I think you are kidding yourself if you think that non-Asian women don’t also suffer from depression caused by clashes with their parents over their choice of partner.

      I think you under-estimate the extent to which this is a big problem within the Asian communities, especially within conservative families.

      And Sunny - I *really* don’t think that most Asian women are being forced into marriages. Pressure - almost certainly;

      There is a very hazy line between forced marriages and ‘persuasion’ that involves constantly harassing them about not being married, emotional blackmail, constantly introducing them to preferred guys so they eventually give up, saying no to the girl’s preferred partners etc.

      If you want to try and draw a clear line - go ahead.

    23. Chairwoman — on 2nd July, 2007 at 7:33 pm  

      ‘There is a very hazy line between forced marriages and ‘persuasion’ that involves constantly harassing them about not being married, emotional blackmail, constantly introducing them to preferred guys so they eventually give up, saying no to the girl’s preferred partners etc.’

      What society, apart from Chavs, doesn’t this sound like?

    24. Katy Newton — on 2nd July, 2007 at 7:41 pm  

      Can you think of any other reason?

      HUNDREDS! Exam pressure. Work pressure. Marriage or relationship not working for reasons not connected with forced marriage. Dissatisfaction with looks or weight. Deaths or illness in the family. Inherited predisposition towards depression. Dietary problems. Undiagnosed illness. Postnatal depression. Serious PMT. Do you think that forced marriage is the only problem Asian women have? Believe it or not, they do actually have some problems in common with white women. Yes, it’s true. They are not different species.

      If persistent harassment and emotional blackmail by parents pushes a girl towards self-harm / suicide then yes I’d like to have the police involved.

      Really? At what point between “I would like you to consider marrying this man” and “If you don’t marry this man I will never speak to you again”, or “if you do marry THIS man I will never speak to you again” do you cross the line between persuasion and harassment? Are you saying that parents have a duty to stay in touch with their grown up children no matter what they do? Did you know that non-Asian parents and children frequently don’t speak because one of them doesn’t like the other’s partner? Are we going to criminalise them too? And as for “driving people to self-harm”, I agree that that is a bad thing, but where does it stop? A girl’s boyfriend breaks up with her at school; she starts to starve herself because he said he didn’t find her attractive. Does he go to prison? How was he supposed to know she’d do that? What about parents who pressure their children to do well at exams? Children who achieve highly often self harm or have eating disorders. They hide it well. Their parents don’t know. Are they going into care? Are their parents going to prison? Sunny - this just doesn’t WORK.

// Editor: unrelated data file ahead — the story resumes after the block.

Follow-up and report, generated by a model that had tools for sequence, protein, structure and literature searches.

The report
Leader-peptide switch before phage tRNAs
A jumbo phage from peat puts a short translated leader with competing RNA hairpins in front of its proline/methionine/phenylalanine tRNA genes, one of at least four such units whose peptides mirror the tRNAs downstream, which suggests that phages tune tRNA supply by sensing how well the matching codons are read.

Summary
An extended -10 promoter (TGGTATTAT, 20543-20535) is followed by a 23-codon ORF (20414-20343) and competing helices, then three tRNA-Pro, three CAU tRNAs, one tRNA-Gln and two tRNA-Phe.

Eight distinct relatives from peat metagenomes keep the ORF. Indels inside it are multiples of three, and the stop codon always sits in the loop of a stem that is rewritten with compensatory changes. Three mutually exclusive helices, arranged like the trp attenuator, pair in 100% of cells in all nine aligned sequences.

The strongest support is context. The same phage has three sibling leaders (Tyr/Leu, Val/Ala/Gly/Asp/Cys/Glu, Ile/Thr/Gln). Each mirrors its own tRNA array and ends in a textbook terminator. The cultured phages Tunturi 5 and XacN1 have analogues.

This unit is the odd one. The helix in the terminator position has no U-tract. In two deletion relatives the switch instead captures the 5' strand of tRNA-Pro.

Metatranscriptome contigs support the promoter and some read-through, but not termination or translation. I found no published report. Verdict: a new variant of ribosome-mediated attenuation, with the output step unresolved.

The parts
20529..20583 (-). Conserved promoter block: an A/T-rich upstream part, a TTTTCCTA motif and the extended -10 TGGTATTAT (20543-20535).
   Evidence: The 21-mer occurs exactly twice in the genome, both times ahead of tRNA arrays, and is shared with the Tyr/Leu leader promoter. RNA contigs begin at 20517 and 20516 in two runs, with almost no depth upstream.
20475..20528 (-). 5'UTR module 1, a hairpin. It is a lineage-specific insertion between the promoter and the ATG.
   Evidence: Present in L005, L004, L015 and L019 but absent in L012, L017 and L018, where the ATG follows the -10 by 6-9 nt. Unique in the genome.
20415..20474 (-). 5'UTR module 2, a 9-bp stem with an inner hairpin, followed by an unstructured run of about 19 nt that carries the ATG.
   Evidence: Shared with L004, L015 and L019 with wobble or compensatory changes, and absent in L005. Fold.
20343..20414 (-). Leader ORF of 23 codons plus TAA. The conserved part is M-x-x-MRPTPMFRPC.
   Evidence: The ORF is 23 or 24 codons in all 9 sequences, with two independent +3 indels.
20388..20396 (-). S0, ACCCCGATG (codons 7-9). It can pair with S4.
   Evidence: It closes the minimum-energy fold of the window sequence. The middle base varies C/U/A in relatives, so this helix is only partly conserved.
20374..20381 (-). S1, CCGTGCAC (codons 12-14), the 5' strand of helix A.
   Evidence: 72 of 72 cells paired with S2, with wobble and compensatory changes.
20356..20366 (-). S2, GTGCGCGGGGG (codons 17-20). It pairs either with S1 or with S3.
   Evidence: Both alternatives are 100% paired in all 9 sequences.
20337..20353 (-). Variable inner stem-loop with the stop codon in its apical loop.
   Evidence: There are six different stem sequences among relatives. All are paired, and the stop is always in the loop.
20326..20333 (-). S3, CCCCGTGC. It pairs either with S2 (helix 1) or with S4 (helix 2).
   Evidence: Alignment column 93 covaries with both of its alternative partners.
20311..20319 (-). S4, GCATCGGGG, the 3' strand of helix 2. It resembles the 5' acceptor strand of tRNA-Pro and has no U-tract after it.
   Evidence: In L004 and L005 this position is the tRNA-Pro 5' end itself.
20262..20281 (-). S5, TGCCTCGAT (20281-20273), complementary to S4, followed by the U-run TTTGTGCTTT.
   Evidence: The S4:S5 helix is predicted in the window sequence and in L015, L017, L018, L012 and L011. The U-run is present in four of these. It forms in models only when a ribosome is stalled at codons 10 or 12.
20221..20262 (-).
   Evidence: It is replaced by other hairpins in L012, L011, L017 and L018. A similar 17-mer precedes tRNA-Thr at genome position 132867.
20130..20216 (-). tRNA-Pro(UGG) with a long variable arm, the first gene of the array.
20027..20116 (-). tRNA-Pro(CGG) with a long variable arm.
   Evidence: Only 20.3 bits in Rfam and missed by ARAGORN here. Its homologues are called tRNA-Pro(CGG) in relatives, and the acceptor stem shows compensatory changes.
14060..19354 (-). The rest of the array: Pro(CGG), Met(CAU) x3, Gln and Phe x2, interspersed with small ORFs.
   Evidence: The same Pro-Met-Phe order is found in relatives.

I find this patronising.

      You don’t find it patronising that the state wants doctors to report women’s partners or families to the police behind their backs, but you found it patronising that I suggested that perhaps what women want is a relevant consideration. Right.

      I doubt the Forced Marriage Unit just woke up one day and decided it was a good idea.

      Er… that is exactly what they did do. How long has that unit been in existence? A matter of weeks, as I understand it.

      And it may be the doctors are reluctant to get involved because they don’t want to be branded by the MCB as Islamophobic or to be branded as racist.

      No, Sunny, they don’t want to get involved because they know that measures like this will stop women from confiding in their doctors or even from coming to see them, and that will undoubtedly have repercussions for their physical and emotional health.

      I think you under-estimate the extent to which this is a big problem within the Asian communities, especially within conservative families.

      Maybe. But whether it’s a big problem or not, this is the wrong way to deal with it. As Sonia and Sabina said above, I’ll remind you - so don’t make out that I’m some know-it-all white girl messing around with stuff she doesn’t understand.